Inspired at least in part by Universal’s problems shooting the latest Jurassic World movie under quarantine protocols, The Bubble focuses on a knockoff dinosaur franchise called Cliff Beasts. Now on its sixth installment, shooting kicks off as a pandemic rages, locking each actor in their room for two weeks at a fancy English countryside hotel, making them instantly stir-crazy and irritable. Cabin fever, their competing egos, and the studio’s need for content at all costs quickly reduce the production to pandemonium.


Our sort-of protagonist is Carol Cobb (Karen Gillan), a not-as-young-as-she-used-to-be actress returning to the Cliff Beasts series after making a horrible, accidentally racist movie about Israel, Palestine, and aliens. Leaving behind a boyfriend who refuses to fly, she adapts awkwardly to COVID protocols and collaboration with her estranged castmates. Most testy is Lauren Van Chance (Leslie Mann, Apatow’s wife), a diva in the process of breaking up with franchise star Dustin Mulray (a disheveled David Duchovny, seemingly made up/down to resemble Apatow).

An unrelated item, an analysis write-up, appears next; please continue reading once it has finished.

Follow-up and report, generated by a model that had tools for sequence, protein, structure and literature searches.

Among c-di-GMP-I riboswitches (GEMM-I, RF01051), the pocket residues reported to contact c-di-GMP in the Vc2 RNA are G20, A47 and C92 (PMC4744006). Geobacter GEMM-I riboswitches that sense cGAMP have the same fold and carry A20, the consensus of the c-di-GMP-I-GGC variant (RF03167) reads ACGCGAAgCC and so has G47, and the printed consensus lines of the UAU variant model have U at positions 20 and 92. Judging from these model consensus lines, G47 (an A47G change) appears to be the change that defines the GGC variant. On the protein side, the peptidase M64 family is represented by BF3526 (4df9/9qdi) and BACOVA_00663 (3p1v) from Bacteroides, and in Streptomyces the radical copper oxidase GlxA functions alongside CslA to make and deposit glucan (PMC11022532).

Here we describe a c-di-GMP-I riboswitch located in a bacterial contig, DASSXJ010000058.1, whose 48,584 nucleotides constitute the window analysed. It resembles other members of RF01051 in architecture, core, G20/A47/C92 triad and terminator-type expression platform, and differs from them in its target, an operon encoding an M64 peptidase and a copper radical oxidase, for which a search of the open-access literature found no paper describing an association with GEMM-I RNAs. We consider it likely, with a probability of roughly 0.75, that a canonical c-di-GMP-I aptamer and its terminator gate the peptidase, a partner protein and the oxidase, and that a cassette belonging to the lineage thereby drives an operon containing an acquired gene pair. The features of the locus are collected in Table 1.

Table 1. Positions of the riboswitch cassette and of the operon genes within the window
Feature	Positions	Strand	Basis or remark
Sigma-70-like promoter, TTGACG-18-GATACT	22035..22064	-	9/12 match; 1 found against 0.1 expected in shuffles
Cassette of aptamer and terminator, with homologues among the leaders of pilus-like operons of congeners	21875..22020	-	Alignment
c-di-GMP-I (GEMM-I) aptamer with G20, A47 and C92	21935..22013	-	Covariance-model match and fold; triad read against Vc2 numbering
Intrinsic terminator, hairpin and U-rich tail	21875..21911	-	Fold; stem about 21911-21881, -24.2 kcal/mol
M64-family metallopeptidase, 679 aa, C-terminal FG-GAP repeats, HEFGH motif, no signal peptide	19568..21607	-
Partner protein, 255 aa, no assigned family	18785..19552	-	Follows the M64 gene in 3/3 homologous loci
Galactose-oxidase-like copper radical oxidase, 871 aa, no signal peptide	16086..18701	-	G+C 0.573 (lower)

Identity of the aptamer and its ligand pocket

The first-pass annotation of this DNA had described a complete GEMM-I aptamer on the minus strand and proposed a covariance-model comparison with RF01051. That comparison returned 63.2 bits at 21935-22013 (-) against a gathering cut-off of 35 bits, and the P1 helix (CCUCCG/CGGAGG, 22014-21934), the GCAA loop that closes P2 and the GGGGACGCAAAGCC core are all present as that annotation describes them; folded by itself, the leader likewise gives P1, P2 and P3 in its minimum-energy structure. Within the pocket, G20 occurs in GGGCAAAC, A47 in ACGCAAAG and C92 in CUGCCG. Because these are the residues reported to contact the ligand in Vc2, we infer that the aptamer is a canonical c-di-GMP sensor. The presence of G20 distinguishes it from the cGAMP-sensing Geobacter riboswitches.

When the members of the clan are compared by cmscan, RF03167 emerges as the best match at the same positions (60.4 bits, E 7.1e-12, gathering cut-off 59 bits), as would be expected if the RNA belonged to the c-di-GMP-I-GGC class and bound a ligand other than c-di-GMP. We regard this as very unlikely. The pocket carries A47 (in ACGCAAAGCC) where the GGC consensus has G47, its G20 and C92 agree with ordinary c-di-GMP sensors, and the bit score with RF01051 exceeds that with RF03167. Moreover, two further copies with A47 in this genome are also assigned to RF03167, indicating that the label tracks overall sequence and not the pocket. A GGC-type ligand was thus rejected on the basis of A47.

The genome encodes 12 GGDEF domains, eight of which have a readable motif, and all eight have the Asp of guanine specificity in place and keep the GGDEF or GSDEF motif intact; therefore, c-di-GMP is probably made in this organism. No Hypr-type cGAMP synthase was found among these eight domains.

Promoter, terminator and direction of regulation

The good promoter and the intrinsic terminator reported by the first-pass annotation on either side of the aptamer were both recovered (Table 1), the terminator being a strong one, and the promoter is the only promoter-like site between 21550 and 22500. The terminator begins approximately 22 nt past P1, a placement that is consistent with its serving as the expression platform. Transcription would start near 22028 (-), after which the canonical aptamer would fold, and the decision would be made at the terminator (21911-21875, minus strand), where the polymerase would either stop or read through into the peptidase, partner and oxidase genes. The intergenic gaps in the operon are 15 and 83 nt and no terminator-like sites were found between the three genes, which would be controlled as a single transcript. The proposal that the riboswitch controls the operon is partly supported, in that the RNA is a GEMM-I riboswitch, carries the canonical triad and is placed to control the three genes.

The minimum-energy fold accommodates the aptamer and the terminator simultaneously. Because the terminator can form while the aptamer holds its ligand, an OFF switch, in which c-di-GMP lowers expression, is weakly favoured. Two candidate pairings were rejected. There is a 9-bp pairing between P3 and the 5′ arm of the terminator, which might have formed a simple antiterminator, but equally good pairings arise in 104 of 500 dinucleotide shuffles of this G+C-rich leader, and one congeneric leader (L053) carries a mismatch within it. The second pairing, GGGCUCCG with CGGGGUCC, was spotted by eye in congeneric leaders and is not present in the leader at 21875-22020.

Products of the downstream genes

Also present are wanna-be health guru Sean Knox (Keegan-Michael Key), comic relief pothead Howie Frangopolous (Guz Khan), womanizer Dieter Bravo (Pedro Pascal), and the latest cast addition, teenage TikTok influencer Krystal Kris (Iris Apatow). It’s both ironic and oddly appropriate that the director’s daughter gives the movie’s best, most real performance—Judd’s comedy works best when its emotions and interpersonal interactions hit closest to home.